“The Lottery” is a short story written by Shirley Jackson. It is narrated through a third person limited point of view. It tells about the tradition of a town who meet every summer for the lottery wherein the males first represent their families in drawing for the lot. Whoever chooses the darkened paper has to bring his whole family to draw the lots and whoever gets the accursed paper will die through stoning. The tradition is done for the belief that after the event, there would be abundant harvest for the townspeople. With the absurdity of the narration, it makes better sense when readers look more closely into the meaning of the setting, plot and symbolisms in the story.
The story is set during summer, specifically, the 27th of June. The day is described to be “clear, sunny with the fresh warmth of a full summer day, the flowers blossoming and the grass are richly green”. The description speaks of a beautiful and promising day which would rather speak of life, joy and fun. However, the introduction seems to be ironic because in the end, one sees that the story is horrific. The setting seems to have been deliberately described as such in order to create an expectation of a beautifully woven story that would end just like the way it started. On the contrary, it has created a greater impact by ending with an unexpected event which is simply unbelievable.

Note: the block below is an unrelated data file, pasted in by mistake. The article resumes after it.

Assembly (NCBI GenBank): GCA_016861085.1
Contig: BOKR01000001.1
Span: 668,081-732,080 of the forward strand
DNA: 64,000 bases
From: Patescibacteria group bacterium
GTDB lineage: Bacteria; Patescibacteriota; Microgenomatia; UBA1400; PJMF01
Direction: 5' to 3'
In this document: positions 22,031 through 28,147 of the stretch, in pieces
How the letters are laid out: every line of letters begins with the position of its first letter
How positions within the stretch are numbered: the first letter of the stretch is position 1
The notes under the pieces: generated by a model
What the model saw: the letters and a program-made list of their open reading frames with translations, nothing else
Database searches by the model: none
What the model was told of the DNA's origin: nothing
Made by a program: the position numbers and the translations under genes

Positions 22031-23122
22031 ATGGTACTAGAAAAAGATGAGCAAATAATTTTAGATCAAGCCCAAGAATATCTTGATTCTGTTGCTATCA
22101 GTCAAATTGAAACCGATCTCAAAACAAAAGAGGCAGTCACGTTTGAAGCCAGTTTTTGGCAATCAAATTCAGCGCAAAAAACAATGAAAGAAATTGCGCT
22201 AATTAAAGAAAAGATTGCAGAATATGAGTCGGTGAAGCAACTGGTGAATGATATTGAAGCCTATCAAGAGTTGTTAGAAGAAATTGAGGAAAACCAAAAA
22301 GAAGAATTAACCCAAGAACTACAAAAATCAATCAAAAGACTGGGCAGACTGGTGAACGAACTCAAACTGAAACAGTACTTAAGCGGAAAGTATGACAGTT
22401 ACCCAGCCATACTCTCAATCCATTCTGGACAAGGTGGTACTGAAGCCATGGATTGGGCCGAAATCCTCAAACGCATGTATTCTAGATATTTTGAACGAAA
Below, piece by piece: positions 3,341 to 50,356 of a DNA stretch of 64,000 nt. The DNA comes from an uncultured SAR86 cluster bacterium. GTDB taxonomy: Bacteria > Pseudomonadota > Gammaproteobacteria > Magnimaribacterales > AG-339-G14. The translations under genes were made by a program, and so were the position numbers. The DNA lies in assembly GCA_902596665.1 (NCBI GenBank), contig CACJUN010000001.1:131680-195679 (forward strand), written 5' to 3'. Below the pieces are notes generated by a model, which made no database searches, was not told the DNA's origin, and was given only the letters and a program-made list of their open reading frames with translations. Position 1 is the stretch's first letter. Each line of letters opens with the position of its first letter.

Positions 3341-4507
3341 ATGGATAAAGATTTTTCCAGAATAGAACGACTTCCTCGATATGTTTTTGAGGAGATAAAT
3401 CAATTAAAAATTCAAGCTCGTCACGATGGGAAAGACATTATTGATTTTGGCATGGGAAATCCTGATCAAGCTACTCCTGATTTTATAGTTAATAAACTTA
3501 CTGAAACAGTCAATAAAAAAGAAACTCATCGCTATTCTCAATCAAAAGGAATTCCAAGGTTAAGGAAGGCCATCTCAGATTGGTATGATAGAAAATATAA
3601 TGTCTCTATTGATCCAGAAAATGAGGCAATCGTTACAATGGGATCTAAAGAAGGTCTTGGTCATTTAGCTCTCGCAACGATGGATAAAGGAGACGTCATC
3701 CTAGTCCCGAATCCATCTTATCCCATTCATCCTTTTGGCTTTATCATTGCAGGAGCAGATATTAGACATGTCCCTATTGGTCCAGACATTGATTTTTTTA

The plot is not logical. The story seems to be so out of this world, one cannot imagine such a tradition to have existed perhaps even during barbaric times. The belief that stoning a person would bring a good harvest is simply ridiculous and senseless. Therefore, just like any other story, one would have to look at the symbolic representations in the story in order to make sense out of it.
As mentioned in the story, the black wooden box represents tradition. The narration reveals that one of the characters have been suggesting for the box to be changed however, it has gone to no one’s ears so that it never was changed. Just the same, there are traditions that men have engaged with which are often requested to be changed but people just seem not to listen or care at all. For instance, it is believed that since the story talks about lottery, it could be safely assumed that the tradition is actually the lottery. Lottery existed for many centuries now and it has changed in many forms but it is still there. The practice cannot be substituted by a productive activity or eliminated because it is a tradition. Nevertheless, just as the lottery has claimed the life of Mrs. Hutchinson who unfortunately picked the accursed paper, lottery in real life also destroy the lives of families. The black wooden box can also symbolize doom and death. When the fate of Mrs. Hutchinson was finally revealed at the end of the story, the wooden box is clearly seen to represent her doom and horrible end.
Stories sometimes call readers’ attention because of the horrible portrayals of circumstances. Authors often use symbolisms not only to make their stories more interesting but to speak more deeply to their audiences. It is their way of telling the readers to listen well and think about their arguments. In “The Lottery”, Jackson achieved these objectives quite effectively. With such goal, readers should then think more critically not only about the things they read but also the things that they see around them.